The National Council on Compensation Insurance (NCCI) released a report this past week advising that nationally, Florida was in the top five states for COVID-19 related workers’ compensation claims. “There is no question that the COVID-19 pandemic has had and will continue to have a measurable impact on medical treatment of injured workers in the workers’ compensation (WC) system. The question is…to what extent. The simple answer is a single metric, and that is time. It may be years before we grasp the full effect of this pandemic on WC.” See Colon, D. and Chadarevian, R., “COVID-19s Impact on Medical Treatment in Workers’ Compensation—A First Look at 2020” Dec. 2020. NCCI stated that, “Not surprisingly, admission into intensive care units drives the costs of COVID-19 workers’ comp medical claims.” Id.
One effect on Florida workers' compensation claims (in addition to the above-referenced medical exposure,) is the effect of COVID-19 concerning a claimant’s work restrictions and economic layoffs due to the coronavirus, which one would reasonably conclude is wholly unrelated to the industrial accidents. However, Florida workers’ compensation judges are opining that employers/carriers are responsible for temporary partial disability benefits when jobs are unavailable due to COVID-19.
In Correa v. The Salvation Army/Chesterfield Services, Inc., OJCC No. 20-007055GJJ (Final Compensation Order dated November 20, 2020,) the claimant, as well as other employees, were laid off due to economic reasons as a result of COVID-19. He had been working modified duty until his date of termination. Id. Judge Gregory J. Johnsen opined “The fact that the employer could not afford to provide the recuperating claimant with modified work cannot serve as a defense to deny temporary partial disability benefits. To rule otherwise would permit any employer to deny temporary partial disability benefits by simply terminating a claimant, who is on light duty work restrictions, for economic reasons.” Id. Judge Johnsen stated, “Our First District Court of Appeal in Toscano found: 'TPD (temporary partial disability) is a classification of benefits designed for those circumstances where the accident-employer cannot, or will not, accommodate the recuperating worker who has been displaced from her pre-injury job and wages as a result of a workplace injury. The fact that an employer cannot afford to provide the recuperating worker modified work does not, under the statutory scheme, provide the basis for a defense." Id. citing Wyeth/Pharma Field Sales v. Toscano, 40 So.3d 795, 802 (Fla. 1st DCA 2010.) He went on to state, “Our First District Court of Appeal has long held that an injured worker is not precluded from receiving worker's compensation benefits merely because some portion of the wage loss is attributable to a reason unrelated to the industrial injury, such as economic factors or seasonal layoffs.” Id. citing Stewart v. CRS Rinker Materials Corp., 855 So.2d 1173, 1177 (Fla. 1st DCA 2003 (citing Betancourt v. Sears Roebuck & Co., 693 So.2d 680, 683-684 (Fla. 1st DCA 1997.) Similarly, Judge Johnsen concluded that “the claimant's layoff by the employer, due to the economic impact of COVID-19, cannot constitute a defense where the claimant herein has demonstrated a causal connection between his loss of wages and his industrial accident. The fact that the claimant's layoff was due to the economic impact of COVID-19 does not make it any different from any other kind of economic layoff.”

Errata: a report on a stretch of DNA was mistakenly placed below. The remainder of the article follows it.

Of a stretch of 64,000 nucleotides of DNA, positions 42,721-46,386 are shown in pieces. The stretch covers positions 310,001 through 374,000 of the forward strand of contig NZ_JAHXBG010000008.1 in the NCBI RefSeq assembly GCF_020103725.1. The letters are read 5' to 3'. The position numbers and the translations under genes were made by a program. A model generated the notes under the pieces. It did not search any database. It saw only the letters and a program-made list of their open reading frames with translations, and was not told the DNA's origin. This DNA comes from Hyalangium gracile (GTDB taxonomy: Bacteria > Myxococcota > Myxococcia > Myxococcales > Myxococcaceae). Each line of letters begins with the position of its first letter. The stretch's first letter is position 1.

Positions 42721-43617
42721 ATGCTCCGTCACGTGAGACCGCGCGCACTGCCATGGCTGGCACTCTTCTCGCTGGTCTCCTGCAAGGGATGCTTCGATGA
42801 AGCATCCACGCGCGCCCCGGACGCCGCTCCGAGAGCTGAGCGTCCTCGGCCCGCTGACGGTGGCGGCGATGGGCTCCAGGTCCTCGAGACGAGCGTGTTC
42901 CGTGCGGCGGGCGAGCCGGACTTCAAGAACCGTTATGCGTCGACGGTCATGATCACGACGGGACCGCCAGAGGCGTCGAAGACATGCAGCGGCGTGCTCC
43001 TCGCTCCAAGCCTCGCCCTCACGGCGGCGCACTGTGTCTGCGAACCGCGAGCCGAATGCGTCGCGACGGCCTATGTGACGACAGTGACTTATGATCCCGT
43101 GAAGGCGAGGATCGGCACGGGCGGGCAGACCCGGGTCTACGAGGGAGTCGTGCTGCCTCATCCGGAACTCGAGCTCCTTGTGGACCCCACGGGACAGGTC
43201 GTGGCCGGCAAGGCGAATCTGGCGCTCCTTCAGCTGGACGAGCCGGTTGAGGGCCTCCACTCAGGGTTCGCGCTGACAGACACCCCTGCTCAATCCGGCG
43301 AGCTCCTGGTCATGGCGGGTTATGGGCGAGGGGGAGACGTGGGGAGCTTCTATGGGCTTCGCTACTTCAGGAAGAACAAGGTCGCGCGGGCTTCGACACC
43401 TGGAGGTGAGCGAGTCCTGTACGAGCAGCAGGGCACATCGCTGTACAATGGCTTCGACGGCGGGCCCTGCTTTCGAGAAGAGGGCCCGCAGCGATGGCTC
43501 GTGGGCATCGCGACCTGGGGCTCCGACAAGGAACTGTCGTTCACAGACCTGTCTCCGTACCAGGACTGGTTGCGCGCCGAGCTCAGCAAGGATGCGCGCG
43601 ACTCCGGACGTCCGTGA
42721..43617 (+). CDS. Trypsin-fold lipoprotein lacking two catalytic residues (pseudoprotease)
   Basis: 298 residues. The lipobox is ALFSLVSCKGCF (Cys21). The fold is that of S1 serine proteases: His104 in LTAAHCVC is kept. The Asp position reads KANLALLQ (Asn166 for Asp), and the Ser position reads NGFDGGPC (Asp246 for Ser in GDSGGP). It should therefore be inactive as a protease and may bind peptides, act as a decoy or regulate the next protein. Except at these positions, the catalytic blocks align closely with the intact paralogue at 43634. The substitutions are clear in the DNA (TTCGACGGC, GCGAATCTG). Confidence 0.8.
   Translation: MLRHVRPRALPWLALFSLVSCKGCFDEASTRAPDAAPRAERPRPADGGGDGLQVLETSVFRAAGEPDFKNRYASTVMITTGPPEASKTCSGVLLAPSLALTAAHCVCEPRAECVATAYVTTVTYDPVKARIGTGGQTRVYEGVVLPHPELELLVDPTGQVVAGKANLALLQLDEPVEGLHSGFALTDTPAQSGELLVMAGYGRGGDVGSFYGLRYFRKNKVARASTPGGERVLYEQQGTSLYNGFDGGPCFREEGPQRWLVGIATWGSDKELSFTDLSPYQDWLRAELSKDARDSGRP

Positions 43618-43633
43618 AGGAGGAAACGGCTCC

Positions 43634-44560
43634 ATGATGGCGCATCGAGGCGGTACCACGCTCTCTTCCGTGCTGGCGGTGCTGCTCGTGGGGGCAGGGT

Once a claimant establishes his/her burden and prima facie case regarding entitlement to temporary partial disability benefits, per Toscano, the burden then shifts to the employer/carrier to prove that the claimant “unjustifiably refused suitable employment or that some other defense to temporary partial disability benefits would be applicable.”
Furloughs due to COVID-19 have not been an effective defense. When a claimant is placed on work restrictions by the authorized treating physician, it would be in the employer's best interest to continuously offer the claimant light duty employment within the claimant’s work restrictions, if at all possible, to avoid exposure for indemnity benefits. Additionally, the employer/carrier should be in regular contact with the authorized treating physicians to release the claimants from their work restrictions when appropriate.
Remember that coronavirus/COVID-19 exposure claims are being treated as occupational injuries and/or exposure. These claims have a higher burden of proof and require the claimant to use a clear and convincing burden of proof to prove causation in relation to Florida Statute Sections 440.01(1) and 440.151(1)(a) and (2).
Chartwell will continue to apprise you of any new developments regarding COVID-19’s effects on workers’ compensation claims.